I couldn't find any other shows at the Ballroom advertised in the Star, which is where the ad above is from.

-by Gary Will

Hercules Angelo Mosca?, 1970: Gary Will's TWH

This column by Jim Proudfoot appeared in the Toronto Star on August 1, 1970. It's a nice story about the success Angelo Mosca was having as a pro wrestler -- particularly his work for Roy Shire in Northern California as Hercules.

The only problem with the piece is that I can't find any record of a wrestler named Hercules working for Shire at the time.

The late Ron Valim kept detailed records of Shire's shows in San Francisco and other cities in the territory, and there's no Hercules to be found.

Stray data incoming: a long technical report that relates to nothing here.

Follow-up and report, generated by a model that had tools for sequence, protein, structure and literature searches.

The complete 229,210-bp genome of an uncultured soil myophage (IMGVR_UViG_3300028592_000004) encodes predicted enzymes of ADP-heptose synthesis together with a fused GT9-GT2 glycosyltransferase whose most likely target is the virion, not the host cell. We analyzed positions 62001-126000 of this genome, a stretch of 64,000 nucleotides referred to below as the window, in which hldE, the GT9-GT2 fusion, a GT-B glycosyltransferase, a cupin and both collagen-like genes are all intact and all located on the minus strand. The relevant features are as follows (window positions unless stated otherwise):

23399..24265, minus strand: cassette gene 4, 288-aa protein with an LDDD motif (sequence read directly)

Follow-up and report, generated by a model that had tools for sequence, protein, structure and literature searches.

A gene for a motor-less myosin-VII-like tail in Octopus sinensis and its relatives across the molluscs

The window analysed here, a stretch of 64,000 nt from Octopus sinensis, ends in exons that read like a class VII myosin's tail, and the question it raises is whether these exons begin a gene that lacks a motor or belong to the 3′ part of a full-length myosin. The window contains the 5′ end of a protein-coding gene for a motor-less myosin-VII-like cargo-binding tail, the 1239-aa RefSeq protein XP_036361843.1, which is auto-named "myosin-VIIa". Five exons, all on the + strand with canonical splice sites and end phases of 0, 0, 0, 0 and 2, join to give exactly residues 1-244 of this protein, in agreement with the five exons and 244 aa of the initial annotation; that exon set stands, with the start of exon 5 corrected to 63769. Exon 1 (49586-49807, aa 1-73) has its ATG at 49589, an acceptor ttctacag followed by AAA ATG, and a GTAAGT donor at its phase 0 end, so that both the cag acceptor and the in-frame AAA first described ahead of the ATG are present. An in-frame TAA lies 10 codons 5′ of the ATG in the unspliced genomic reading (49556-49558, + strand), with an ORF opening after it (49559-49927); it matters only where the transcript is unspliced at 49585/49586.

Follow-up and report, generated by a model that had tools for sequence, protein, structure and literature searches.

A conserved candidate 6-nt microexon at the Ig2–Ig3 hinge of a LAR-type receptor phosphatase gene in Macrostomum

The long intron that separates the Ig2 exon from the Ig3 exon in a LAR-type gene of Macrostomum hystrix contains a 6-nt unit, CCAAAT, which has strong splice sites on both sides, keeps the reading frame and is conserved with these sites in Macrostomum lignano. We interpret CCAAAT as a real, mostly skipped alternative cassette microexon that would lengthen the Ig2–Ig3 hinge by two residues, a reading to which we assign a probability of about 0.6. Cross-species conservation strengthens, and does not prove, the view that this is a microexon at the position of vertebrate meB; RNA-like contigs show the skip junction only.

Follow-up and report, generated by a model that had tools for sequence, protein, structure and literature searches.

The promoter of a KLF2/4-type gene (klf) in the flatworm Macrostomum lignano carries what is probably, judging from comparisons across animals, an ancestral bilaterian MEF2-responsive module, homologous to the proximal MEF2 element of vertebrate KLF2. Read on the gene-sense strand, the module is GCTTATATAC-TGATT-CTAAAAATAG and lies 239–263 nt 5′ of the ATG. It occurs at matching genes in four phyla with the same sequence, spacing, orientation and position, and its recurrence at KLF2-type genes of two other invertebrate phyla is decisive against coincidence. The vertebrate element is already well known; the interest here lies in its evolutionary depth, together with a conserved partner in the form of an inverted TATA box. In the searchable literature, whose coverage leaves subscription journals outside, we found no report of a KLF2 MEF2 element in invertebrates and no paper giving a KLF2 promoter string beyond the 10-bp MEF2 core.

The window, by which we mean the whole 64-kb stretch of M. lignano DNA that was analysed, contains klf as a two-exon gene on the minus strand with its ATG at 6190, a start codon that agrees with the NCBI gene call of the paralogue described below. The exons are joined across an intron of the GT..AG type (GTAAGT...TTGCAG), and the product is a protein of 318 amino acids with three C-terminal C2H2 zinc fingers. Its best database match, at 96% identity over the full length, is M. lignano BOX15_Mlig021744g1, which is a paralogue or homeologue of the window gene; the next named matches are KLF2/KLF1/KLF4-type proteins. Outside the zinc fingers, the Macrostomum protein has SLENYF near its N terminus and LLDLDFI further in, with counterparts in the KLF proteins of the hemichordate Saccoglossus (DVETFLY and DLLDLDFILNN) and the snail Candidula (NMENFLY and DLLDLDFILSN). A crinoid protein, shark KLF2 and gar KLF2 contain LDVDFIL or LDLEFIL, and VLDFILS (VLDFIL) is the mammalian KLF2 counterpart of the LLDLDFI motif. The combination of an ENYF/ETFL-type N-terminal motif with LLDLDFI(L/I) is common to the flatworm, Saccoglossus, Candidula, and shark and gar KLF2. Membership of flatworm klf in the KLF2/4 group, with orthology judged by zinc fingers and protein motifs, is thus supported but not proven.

So was he using a different ring name with Hercules as a nickname? I don't see any likely candidates in Valim's results. Other than a few prelim guys, the workers Shire was using at the time are all well-known wrestlers. I don't see anyone who could have been Mosca.

In Proudfoot's column, Mosca is quoted saying the shows could draw 30,000 people to the Cow Palace in San Francisco. That's about double the actual maximum (the annual battle royal in November 1969 drew 15,974 and that seems to be the biggest crowd of the year).

Was the whole thing made up?

-by Gary Will

Whipper Watson's fifth decade in wrestling, 1970: Gary Will's TWH

This Globe & Mail story ran on March 5, 1970 and is a look back at the career of Whipper Billy Watson, who had just started his fifth decade as a pro wrestler.